Last year, I had a chance to review the 2021 Barrell Craft Spirits Gray Label Bourbon. It was fantastic dram and showed another facet of what Master Blender Joe Beatrice can do. When Barrell announced the release of 2022 Gray Label Bourbon, I was curious how it would differ; and that it has.
Gray Label Bourbon starts with variously-aged distillates from Indiana (MGP/Ross & Squibb), Tennessee (George Dickel), and Kentucky (Jim Beam). Whereas the 2021 edition (Release 4) was made of only three mashbills, the 2022 version (Release 5) comprises five. Those mashbills are undisclosed, but they should be familiar regardless due to the sources.
Here’s where things get interesting. After Joe and his team blended the five, they were placed in finishing barrels made from 36-month air-dried staves. But, those weren’t any ordinary staves; they were from barrels that held previous versions of Gray Label Bourbon.
Like all things Barrell, Gray Label is bottled at cask strength which, in this case, is 100.58°. And, like all things Gray Label, it has a suggested price of $249.99. What is unusual is that Release 5 carries no age statement, whereas Releases 1 through 4 were 15 years. I have no insight as to why the age statement was dropped, but it is a curiosity.
Now that this year’s Gray Label Bourbon background is known let’s delve into the unknown and #DrinkCurious. But, before I do, I must thank Barrell for providing me a sample in exchange for a no-strings-attached, honest review.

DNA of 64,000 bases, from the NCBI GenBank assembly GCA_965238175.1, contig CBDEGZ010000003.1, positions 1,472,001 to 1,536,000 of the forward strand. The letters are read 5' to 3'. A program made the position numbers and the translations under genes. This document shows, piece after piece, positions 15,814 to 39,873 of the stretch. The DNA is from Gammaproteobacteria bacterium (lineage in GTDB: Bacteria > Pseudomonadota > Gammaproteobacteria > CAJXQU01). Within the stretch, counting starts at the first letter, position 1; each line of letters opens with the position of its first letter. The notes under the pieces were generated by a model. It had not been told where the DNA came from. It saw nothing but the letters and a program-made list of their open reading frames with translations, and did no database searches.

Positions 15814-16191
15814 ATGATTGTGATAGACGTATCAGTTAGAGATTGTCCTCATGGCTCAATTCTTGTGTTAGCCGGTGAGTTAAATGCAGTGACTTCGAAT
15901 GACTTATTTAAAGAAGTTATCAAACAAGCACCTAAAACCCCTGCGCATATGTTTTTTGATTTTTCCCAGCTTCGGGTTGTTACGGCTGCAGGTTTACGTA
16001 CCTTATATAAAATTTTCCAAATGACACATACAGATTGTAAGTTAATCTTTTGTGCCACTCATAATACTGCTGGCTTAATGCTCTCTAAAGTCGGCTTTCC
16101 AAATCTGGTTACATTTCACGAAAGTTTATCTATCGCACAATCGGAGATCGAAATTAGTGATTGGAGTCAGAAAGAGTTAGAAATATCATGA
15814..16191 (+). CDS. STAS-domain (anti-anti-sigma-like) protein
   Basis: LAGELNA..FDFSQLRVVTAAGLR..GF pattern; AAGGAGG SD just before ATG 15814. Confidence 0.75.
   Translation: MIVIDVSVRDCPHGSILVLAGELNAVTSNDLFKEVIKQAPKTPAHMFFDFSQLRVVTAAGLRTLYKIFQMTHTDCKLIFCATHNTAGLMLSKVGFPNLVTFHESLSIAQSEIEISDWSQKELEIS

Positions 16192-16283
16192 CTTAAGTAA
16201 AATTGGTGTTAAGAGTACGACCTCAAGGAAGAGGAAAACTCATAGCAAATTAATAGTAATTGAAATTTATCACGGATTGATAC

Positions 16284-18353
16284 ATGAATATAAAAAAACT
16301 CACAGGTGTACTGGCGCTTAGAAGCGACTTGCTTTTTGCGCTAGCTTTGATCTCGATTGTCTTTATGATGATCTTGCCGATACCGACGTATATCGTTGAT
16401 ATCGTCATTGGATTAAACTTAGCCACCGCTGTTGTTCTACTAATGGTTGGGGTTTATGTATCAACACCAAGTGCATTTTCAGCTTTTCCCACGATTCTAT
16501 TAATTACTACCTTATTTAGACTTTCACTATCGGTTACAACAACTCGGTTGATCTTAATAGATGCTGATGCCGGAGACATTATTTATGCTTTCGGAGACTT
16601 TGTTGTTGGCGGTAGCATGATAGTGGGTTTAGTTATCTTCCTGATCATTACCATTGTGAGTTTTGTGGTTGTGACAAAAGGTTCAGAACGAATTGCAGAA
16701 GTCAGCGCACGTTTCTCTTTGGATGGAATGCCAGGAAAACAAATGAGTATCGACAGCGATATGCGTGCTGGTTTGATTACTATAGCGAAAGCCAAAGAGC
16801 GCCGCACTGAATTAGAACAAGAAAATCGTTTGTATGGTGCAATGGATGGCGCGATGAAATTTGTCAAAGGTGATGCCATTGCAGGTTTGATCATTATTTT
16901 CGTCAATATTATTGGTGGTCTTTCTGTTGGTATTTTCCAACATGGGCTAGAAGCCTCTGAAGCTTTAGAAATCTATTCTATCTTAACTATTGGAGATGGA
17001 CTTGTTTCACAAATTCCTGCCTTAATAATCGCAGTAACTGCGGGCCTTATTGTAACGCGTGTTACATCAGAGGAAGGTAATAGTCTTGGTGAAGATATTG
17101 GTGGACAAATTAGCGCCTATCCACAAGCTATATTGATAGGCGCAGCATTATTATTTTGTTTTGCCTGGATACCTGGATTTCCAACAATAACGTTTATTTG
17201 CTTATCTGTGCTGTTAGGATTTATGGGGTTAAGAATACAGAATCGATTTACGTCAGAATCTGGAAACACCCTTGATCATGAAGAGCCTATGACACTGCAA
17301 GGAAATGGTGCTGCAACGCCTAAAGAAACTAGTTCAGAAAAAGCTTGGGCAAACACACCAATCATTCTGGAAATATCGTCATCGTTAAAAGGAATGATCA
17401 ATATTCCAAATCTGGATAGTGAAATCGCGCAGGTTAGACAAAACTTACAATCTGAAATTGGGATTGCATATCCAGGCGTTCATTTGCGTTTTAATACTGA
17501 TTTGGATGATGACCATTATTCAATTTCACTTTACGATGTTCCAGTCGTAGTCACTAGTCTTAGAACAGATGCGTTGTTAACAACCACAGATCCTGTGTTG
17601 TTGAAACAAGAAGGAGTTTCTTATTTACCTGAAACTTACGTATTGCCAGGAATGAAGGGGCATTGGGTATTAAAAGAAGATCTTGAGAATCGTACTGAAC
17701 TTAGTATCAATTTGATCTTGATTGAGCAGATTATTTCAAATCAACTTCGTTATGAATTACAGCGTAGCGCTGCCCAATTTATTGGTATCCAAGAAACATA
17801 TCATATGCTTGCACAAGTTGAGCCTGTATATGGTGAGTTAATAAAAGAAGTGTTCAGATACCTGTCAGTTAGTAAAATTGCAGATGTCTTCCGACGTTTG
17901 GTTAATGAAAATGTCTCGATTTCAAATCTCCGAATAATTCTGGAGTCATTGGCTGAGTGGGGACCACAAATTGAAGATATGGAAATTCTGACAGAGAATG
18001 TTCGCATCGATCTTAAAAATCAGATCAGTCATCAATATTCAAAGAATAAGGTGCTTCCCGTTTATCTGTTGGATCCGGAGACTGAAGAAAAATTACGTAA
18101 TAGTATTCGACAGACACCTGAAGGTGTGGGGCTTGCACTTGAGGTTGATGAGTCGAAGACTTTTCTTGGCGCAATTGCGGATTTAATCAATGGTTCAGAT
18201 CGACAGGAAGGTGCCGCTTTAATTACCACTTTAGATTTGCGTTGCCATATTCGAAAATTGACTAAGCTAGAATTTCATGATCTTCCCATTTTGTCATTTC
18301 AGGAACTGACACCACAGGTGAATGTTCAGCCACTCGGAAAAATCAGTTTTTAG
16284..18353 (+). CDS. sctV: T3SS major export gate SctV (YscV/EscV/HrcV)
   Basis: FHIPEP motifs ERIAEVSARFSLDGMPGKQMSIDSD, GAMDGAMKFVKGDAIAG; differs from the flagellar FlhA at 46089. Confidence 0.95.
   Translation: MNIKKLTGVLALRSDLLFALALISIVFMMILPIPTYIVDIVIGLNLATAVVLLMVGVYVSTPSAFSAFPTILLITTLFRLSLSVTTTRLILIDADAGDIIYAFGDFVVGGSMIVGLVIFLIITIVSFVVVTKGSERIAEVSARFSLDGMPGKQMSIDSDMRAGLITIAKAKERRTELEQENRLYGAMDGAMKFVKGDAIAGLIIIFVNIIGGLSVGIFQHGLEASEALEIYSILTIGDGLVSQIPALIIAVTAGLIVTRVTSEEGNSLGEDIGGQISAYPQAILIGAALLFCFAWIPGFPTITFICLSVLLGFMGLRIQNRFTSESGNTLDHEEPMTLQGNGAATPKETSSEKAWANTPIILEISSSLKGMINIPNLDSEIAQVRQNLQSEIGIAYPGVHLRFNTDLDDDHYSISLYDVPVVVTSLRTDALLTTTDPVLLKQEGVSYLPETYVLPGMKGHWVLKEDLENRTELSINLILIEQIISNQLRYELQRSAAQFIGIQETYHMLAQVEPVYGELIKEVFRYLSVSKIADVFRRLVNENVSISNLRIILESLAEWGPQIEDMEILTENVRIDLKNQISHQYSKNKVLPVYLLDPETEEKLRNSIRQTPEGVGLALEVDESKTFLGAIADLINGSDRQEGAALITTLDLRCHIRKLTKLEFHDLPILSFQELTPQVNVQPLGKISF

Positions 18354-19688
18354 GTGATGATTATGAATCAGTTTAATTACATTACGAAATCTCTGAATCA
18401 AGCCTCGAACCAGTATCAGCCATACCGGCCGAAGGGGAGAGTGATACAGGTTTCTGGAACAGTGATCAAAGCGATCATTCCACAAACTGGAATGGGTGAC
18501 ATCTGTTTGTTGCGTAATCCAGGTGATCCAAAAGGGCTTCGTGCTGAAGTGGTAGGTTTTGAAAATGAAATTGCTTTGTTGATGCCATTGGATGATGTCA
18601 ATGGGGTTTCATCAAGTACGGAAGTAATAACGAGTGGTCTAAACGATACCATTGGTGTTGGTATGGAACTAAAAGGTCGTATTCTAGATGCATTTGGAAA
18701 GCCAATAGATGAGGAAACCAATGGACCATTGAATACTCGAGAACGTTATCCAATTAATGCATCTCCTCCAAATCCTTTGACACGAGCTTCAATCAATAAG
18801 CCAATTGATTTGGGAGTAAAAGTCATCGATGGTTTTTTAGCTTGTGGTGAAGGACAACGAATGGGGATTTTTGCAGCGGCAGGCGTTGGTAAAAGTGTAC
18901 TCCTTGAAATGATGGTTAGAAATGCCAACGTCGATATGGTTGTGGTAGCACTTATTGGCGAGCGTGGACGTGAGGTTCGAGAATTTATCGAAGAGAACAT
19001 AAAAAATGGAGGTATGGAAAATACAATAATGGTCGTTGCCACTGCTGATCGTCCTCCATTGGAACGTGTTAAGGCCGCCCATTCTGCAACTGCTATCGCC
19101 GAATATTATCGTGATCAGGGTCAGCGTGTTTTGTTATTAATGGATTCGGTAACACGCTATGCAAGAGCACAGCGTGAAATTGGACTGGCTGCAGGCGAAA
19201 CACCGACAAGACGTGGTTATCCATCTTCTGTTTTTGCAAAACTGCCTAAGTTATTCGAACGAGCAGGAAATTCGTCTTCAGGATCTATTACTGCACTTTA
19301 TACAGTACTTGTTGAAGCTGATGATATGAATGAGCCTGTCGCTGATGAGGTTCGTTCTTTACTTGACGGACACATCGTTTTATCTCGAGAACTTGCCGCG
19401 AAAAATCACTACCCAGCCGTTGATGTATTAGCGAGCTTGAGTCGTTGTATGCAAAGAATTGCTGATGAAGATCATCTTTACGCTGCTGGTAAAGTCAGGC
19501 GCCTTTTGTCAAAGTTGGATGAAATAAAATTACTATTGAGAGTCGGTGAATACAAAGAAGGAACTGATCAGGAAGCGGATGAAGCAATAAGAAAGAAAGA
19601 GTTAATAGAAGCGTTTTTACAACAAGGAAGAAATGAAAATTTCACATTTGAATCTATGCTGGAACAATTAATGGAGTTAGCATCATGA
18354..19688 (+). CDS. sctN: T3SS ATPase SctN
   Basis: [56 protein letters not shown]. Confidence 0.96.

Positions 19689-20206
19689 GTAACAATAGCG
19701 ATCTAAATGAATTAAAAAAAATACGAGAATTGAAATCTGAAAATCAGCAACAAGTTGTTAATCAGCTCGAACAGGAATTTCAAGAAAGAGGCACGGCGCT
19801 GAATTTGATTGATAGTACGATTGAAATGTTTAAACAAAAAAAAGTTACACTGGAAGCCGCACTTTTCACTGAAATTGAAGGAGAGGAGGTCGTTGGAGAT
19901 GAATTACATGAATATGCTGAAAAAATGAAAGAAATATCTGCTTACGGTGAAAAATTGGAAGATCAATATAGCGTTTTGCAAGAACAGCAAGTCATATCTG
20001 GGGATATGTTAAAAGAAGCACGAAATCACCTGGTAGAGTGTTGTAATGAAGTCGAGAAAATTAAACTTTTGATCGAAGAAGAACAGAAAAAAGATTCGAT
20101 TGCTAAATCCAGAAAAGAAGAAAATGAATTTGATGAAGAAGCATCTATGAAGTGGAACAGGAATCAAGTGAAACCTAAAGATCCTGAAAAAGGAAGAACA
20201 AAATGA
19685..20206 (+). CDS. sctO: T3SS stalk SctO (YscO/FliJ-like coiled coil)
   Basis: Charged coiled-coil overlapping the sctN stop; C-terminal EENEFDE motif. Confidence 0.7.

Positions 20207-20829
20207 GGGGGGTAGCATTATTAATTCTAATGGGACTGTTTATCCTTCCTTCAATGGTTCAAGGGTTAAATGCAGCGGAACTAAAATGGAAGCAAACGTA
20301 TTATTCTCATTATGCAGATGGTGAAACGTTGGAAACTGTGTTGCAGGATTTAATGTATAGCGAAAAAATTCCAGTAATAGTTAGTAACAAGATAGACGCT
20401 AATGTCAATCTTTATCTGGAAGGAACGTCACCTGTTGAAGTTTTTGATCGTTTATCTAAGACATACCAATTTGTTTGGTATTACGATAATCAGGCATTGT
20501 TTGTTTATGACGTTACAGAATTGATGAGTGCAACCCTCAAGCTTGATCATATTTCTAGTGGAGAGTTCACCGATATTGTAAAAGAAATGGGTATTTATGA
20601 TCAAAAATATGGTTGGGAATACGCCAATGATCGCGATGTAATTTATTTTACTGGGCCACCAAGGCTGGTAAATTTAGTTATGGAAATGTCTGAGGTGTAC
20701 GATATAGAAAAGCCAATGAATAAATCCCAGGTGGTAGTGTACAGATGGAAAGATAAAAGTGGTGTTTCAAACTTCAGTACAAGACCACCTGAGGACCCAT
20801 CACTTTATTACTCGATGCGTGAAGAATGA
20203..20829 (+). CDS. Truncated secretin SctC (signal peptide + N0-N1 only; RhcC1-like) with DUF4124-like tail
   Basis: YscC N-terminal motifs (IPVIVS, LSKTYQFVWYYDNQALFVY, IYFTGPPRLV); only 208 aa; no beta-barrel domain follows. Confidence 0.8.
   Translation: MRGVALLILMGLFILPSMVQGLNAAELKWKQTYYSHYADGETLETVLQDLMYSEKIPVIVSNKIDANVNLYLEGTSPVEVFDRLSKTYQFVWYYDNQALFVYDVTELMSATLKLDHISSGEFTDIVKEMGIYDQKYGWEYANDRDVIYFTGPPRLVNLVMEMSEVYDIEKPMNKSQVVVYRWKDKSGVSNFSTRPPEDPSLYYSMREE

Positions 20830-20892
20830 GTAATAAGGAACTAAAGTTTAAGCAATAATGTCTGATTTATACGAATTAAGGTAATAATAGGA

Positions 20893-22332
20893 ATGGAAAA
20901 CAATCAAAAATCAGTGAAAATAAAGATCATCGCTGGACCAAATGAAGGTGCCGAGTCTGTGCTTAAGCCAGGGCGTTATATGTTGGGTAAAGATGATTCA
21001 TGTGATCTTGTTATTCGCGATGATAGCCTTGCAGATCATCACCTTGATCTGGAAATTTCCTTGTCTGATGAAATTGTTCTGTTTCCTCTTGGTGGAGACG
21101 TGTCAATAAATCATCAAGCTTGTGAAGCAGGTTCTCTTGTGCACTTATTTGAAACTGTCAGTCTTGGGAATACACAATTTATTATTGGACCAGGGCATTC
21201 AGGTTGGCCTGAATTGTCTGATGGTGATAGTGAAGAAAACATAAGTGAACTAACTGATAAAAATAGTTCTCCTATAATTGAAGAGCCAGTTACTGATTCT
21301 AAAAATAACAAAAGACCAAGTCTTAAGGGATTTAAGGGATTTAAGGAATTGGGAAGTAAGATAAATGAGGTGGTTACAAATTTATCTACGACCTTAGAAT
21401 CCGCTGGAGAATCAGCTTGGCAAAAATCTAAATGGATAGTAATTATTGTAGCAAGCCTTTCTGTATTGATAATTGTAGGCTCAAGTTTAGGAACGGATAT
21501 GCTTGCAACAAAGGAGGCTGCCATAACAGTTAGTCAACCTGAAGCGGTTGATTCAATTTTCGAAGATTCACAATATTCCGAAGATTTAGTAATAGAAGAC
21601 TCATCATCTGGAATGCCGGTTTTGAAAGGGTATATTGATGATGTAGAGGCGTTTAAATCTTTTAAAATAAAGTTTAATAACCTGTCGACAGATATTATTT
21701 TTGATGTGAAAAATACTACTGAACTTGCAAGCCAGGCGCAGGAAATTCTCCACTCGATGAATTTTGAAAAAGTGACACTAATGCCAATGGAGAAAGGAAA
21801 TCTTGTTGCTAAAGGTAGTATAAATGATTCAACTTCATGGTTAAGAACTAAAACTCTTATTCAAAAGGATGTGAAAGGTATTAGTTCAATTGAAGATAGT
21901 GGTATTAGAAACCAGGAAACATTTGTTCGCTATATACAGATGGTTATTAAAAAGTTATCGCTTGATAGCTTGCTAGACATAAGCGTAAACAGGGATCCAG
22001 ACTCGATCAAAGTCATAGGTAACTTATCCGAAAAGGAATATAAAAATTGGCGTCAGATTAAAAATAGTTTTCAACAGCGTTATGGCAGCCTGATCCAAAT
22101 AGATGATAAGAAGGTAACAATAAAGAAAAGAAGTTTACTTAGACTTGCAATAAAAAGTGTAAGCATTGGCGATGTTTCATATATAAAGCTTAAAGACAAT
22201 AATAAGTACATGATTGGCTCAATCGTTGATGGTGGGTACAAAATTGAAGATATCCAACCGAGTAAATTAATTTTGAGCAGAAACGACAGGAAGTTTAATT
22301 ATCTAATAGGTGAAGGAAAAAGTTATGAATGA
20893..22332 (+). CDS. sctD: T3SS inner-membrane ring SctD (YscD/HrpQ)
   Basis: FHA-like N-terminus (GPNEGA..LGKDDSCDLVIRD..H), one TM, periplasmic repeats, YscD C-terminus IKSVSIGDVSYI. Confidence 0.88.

Appearance: Poured neat into my Glencairn glass, Gray Label Bourbon presented as burnt umber as it formed a medium rim. Thin droplets formed and slid back to the pool.
Nose: The nose carried a robust fruity fragrance of plum, cherry, pineapple, stewed peach, and apple pie filling. It was accompanied by sweet vanilla and ginger. Inhaling through my lips brought a blast of cherry vanilla ice cream.
Palate: You’d think that at 100°+, this Bourbon would have a punch, and like me, you’d be wrong. I found the texture creamy as the front of my palate plucked ripe melons, plantains, and vanilla cream. Those sweet fruits vanished as the whiskey crossed the middle of my palate. Instead, I tasted nutmeg, coconut, and thick molasses. Those flavors vaporized when my back encountered peanut butter, honey, and oak.
Finish: Clove, oak, peanut butter, and nutmeg stuck to my tongue while black tea and green grape hugged my throat, creating a slow, building finish that, like the palate, hit a crescendo before falling off a cliff.
Bottle, Bar, or Bust: Barrell has slammed another hit out of the park with Gray Label Bourbon. I loved its complexity on both the nose and palate, how flavors took turns rather than simply melding, the luxurious mouthfeel, and the lovely finish. If I had $250 burning a hole in my pocket, I’d grab a Bottle and walk away thrilled. However, this price eclipses what the average whiskey drinker can spring, and as such, like the other Gray Label whiskeys, my final rating is a Bar. Cheers!
My Simple, Easy to Understand Rating System
- Bottle = Buy It
- Bar = Try It
- Bust = Leave It
Whiskeyfellow encourages you to enjoy your whiskey as you see fit but begs you do so responsibly.